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Raf-1 degradation is a consequence of macrophage apoptosis and is inhibited by proteasome inhibitors. (A) Bone marrow–derived macrophages were infected with either wt or sipB− Salmonella. (B) Primary macrophages were isolated from control (+/+) or caspase-1–deficient mice (caspase-1−/−) and infected with invasive Salmonella. The amount of Raf-1 in Triton X-100 extracts of whole cells was determined by immunoblotting. (C) Macrophages were infected with invasive bacteria. The cells were lysed at the indicated times after infection, and the Triton X-100 (Tx-100) soluble fractions (30 μg, 1/10 of total) and the whole insoluble fractions were analyzed by immunoblotting with a Raf-1 antiserum. (D) Macrophages were treated with a caspase inhibitor (200 μM ZVAD-fmk) or with proteasome inhibitors (10 μM MG-132 and 10 μM MG-115) for 90 min before infection with Salmonella for 15 min. The amount of Raf-1 in the detergent-soluble and -insoluble fractions of whole cell lysates was determined by immunoblotting.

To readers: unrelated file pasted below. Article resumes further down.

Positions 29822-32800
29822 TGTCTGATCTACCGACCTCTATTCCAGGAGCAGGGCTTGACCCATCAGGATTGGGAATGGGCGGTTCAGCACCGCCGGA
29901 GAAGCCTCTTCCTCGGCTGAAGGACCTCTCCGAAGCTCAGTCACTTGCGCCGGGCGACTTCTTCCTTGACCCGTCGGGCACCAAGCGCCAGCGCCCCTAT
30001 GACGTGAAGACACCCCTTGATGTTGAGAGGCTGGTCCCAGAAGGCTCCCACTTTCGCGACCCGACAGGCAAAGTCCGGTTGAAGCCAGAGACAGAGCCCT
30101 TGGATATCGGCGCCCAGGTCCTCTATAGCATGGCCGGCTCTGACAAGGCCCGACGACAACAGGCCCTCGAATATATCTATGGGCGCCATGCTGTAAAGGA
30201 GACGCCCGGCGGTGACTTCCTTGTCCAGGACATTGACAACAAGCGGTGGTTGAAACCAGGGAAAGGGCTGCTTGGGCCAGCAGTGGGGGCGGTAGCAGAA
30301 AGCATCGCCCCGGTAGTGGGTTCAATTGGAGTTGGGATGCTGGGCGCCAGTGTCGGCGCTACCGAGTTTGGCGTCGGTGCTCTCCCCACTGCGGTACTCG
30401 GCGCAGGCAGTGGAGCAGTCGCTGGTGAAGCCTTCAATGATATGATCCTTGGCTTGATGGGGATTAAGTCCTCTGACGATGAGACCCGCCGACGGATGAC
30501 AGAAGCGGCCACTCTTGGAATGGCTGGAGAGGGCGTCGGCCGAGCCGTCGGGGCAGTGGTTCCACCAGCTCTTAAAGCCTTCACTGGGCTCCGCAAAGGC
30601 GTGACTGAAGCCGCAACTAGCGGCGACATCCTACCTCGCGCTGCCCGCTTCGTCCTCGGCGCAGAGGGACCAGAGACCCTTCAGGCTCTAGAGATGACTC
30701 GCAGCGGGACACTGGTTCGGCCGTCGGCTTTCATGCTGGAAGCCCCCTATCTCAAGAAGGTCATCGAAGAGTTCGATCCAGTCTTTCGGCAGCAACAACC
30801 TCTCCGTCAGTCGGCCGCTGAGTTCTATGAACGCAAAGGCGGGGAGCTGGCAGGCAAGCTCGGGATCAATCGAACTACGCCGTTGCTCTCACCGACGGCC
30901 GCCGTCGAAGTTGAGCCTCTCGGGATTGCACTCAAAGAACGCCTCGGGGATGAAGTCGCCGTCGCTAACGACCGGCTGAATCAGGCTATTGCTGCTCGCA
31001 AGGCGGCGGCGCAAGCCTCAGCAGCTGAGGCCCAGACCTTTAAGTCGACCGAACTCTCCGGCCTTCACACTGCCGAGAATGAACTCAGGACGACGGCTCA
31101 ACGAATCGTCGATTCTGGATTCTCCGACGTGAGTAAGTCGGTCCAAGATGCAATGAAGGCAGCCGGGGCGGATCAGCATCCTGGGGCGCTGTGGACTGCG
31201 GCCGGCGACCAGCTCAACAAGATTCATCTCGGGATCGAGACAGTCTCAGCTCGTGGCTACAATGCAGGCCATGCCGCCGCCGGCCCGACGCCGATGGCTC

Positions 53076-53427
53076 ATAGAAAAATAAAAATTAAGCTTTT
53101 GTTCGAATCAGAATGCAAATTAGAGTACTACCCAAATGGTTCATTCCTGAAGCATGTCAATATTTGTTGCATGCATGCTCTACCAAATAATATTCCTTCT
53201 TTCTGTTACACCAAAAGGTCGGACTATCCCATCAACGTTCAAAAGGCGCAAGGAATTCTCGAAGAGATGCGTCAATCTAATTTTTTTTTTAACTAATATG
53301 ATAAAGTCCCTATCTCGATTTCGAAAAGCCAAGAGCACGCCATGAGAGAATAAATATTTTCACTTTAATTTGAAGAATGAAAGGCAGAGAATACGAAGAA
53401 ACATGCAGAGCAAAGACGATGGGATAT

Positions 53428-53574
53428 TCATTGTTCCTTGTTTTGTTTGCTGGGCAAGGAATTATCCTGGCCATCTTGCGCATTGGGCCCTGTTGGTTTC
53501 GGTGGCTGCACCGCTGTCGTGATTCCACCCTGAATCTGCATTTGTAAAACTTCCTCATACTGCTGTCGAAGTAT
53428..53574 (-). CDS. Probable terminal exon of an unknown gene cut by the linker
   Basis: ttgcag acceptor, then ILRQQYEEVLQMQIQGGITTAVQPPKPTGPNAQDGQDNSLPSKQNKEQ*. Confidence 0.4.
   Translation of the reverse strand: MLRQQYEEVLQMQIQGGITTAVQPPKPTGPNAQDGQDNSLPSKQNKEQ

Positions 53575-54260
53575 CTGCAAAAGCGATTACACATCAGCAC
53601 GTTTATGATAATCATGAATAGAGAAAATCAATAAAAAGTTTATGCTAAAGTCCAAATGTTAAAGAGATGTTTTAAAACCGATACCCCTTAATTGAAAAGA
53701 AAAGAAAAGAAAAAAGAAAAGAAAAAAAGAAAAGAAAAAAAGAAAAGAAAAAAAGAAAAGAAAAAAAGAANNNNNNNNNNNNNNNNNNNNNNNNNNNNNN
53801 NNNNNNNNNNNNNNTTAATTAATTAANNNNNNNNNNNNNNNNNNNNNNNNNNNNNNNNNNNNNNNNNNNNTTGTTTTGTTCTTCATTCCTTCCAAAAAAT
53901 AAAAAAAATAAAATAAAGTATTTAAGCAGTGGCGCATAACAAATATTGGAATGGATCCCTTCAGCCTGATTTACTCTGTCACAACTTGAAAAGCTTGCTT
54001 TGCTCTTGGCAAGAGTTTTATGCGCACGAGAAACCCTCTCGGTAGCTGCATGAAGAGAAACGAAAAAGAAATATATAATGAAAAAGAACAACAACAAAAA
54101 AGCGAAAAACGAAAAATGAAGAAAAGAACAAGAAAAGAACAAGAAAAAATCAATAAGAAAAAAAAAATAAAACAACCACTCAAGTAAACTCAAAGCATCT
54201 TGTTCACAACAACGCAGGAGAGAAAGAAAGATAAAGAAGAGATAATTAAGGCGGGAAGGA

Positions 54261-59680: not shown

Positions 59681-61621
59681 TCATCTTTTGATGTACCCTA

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Figure 2: Raf-1 degradation is a consequence of macrophage apoptosis and is inhibited by proteasome inhibitors. (A) Bone marrow–derived macrophages were infected with either wt or sipB− Salmonella. (B) Primary macrophages were isolated from control (+/+) or caspase-1–deficient mice (caspase-1−/−) and infected with invasive Salmonella. The amount of Raf-1 in Triton X-100 extracts of whole cells was determined by immunoblotting. (C) Macrophages were infected with invasive bacteria. The cells were lysed at the indicated times after infection, and the Triton X-100 (Tx-100) soluble fractions (30 μg, 1/10 of total) and the whole insoluble fractions were analyzed by immunoblotting with a Raf-1 antiserum. (D) Macrophages were treated with a caspase inhibitor (200 μM ZVAD-fmk) or with proteasome inhibitors (10 μM MG-132 and 10 μM MG-115) for 90 min before infection with Salmonella for 15 min. The amount of Raf-1 in the detergent-soluble and -insoluble fractions of whole cell lysates was determined by immunoblotting.